In what may be the largest global investigation of its kind, scientists have implicated 13 new gene regions in the onset of heart vessel plaque build-up, a condition that often leads to fatal heart attacks.
The discovery doubles the number of gene regions linked to the development of coronary atherosclerosis, which the authors note is the most common cause of death globally.
"I've been waiting my entire life to see the names of these genes," said study co-author Dr Thomas Quertermous, a professor in cardiovascular medicine at Stanford University in Palo Alto. "We are making huge progress, but there is much work left to do."
Meanwhile, Quertermous said, "these new discoveries will allow scientists worldwide to eventually better understand the root causes of coronary atherosclerosis, possibly leading to important new drug therapies that may profoundly reduce the risk of having a heart attack."
The findings stem from an analysis of data collected by more than 150 researchers participating in 14 genomic studies conducted all over the world, including the United States, Iceland, Canada, and Great Britain.
Quertermous and his colleagues report their observations in the journal Nature Genetics. He and his Stanford colleagues reported no conflicts of interest; GlaxoSmithKline supported two of the studies.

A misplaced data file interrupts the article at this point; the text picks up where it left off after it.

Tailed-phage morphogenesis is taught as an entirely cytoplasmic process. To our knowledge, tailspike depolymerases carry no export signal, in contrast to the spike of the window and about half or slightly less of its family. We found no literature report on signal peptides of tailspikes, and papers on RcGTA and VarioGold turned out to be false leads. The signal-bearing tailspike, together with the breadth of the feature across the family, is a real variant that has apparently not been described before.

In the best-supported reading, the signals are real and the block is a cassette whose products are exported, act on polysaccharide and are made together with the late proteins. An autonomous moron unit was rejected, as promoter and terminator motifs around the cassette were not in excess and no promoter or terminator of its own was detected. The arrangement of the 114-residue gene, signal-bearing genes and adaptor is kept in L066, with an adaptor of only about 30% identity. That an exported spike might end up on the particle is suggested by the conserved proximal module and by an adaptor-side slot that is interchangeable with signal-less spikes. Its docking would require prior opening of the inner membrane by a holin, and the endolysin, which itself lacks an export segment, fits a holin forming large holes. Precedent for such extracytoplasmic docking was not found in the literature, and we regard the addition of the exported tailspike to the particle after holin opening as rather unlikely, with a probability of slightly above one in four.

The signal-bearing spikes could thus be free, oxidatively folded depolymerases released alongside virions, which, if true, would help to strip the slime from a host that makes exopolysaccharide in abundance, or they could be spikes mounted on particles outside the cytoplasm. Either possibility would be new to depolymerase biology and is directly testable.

To get a better understanding of the genetic underpinnings of heart disease, the authors reviewed the genetic profiles of more than 22,000 men and women, all of European descent and all heart disease patients. In addition, they examined the genetic profiles of another 60,000 healthy individuals.
After poring through enormous quantities of genetic code - a process that Quertermous described as being "like looking for a change in one letter in one word in the Encyclopedia Britannica" - the research consortium finally settled on 13 gene regions linked to atherosclerosis risk.
High risk identified early on
"With such information we should be able to better identify people at high risk early on in life and quickly take the steps to neutralize that excess risk by strongly recommending lifestyle and pharmacological therapies that we already know substantially reduce risk," a study co-author, Dr Themistocles (Tim) Assimes, an assistant professor of medicine at Stanford, noted.
"(But) although we are inching closer to that day, we will probably need to reliably identify many more variants predisposing to heart attacks over the next few years before it becomes useful to perform this genetic profiling in a doctor's office," he cautioned.
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